Saturday, March 12, 2005

What I've Been Up to

My friend Steve Marshall has been promoting my blog as one with "regularly updated content", which hasn't been very true of late. As I announced earlier, I have had real-world things to take care of. However, it is Saturday, and I can't make a liar out of Steve, so here goes:

Looking around the blogosphere, it seems that mention of the Fast is virtually obligatory on any blog operated by a Baha'i. I have talked about it before in previous years.
As I've mentioned before, I find fasting difficult, and while I recognize its spiritual significance and all of that, that awareness doesn't make it less difficult. It is actually easier this year, since I'm working with a single student. I virtually *can't* fast if I'm under the stress of taking care of a whole class; I'm afraid that hypoglycemic irritability will cause me to blow it in a major way. For a regular teacher, a bad day is just a bad day, and you can start over tomorrow, but for a substitute teacher a single bad day can mean that school district doesn't call you for the rest of the year.

But I've been fasting, and taking care of my little autistic guy. Any mistakes I've made, I think I would have made even without low blood sugar. As always, the disciplinary aspects are the toughest. The regular classroom teacher thinks I'm not tough enough; the resource teacher who works with him thinks I was too tough -- so what's a person to do? Mostly, it's a matter of finding what works. I feel like I've been too busy to really have the spiritual focus that one should have this month. I could use a little meditation space.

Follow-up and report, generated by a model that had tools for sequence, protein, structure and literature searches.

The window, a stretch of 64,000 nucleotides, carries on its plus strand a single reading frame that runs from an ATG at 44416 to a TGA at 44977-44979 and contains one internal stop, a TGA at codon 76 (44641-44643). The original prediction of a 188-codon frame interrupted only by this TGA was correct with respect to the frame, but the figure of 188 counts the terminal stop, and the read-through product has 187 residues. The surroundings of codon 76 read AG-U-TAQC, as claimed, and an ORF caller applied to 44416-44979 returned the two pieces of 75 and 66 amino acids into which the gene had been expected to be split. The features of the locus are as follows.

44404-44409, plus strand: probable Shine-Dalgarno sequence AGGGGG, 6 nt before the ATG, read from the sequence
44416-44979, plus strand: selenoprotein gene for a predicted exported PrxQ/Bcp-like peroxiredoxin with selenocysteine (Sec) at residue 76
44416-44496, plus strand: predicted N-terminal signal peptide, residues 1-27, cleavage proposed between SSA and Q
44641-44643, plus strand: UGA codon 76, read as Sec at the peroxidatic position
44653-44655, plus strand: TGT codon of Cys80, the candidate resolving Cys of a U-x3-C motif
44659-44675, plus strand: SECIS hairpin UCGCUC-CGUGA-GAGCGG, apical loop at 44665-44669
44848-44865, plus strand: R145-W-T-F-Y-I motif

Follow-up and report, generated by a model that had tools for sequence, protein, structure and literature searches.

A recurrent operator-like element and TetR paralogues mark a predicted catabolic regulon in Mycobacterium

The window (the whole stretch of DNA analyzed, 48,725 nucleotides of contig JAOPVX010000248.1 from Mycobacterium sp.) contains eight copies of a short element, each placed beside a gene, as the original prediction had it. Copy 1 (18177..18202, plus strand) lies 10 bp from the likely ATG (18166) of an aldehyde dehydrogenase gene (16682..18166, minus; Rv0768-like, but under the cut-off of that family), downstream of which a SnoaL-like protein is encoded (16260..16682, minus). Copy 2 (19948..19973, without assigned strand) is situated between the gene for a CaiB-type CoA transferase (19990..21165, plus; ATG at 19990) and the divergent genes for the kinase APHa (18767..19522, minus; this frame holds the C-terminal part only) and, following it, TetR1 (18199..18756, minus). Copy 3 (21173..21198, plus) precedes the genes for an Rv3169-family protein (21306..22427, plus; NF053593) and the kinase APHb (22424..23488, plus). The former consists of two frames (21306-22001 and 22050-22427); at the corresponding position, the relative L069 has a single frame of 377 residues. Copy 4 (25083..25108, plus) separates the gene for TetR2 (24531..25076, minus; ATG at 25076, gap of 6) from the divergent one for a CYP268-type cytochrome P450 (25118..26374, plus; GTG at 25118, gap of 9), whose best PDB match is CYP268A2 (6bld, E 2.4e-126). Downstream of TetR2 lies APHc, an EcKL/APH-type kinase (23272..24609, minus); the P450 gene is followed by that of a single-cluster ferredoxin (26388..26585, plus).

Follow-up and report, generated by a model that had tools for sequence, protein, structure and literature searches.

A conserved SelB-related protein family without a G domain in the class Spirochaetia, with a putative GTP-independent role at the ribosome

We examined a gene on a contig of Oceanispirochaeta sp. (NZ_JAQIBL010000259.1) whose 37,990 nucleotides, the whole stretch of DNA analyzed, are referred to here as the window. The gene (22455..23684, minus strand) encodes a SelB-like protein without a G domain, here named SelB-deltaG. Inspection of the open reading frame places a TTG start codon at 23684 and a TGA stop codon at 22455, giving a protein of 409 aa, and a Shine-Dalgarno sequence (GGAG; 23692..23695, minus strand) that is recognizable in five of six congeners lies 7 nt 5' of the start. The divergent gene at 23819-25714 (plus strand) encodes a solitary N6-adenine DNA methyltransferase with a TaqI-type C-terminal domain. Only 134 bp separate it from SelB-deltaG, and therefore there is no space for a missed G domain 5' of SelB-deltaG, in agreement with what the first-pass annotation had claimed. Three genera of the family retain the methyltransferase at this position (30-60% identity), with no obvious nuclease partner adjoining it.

I've been enjoying the classroom we're in. My student sits in a regular fourth grade classroom; I just stay at his side, keeping him on task most of the time. I've been absorbing some Spanish; this teacher mostly teaches in English, of course, but she explains things in Spanish for her limited English students -- and I know enough that it's not all just gibberish to me. What I'm finding interesting is her mistakes in English. Her native language is Spanish, of course, and her English is not at all bad or inadequate -- after all, she went to college in English. But there are certain subtleties that she doesn't really grasp. It really points out just how difficult learning a second language at an academic level really is; that's the reason why professional translators are told only to translate into their native language. Speaking two languages doesn't appear to be a big deal -- my autistic student is bilingual, although, of course, he doesn't do a whole lot of communicating in any language. You don't need super-high intelligence to learn a second language; you just need to be in a position where you must use it in order to communicate. (Without that, learning to speak a second language is pretty difficult.) But it takes 5-7 years for a child to reach a level where he equals his peers in being able to read academic material. The fact that a kid "speaks good English" is deceptive. Literacy in a second-language is a much more complex skill.

The kind of mistakes this teacher makes, I think, are based upon her familiarity with spoken English. For example, in a lesson on object pronouns, she said that it was proper to say "she called Enrique and I". Well, this is a mistake folks make in spoken English all the time, and she was a bit taken aback to find "Enrique and me" in the teacher's manual. She also didn't understand the use of "peoples" to describe several different cultures or nations. Another one was she talked about the use of "homo" meaning "same" (as in "homophone"), and brought up "homo sapiens" as an example. Of course "homo" meaning "same" is Greek, and "homo" meaning "man" is Latin, and the two aren't related at all. Ironically, she is making such mistakes because she's trying to be a good teacher and explain these things to the kids. And, she *is* a good teacher. I'm just finding it interesting because of what it says about bilingualism, and the difficulties of operating in a second language, even for an educated person.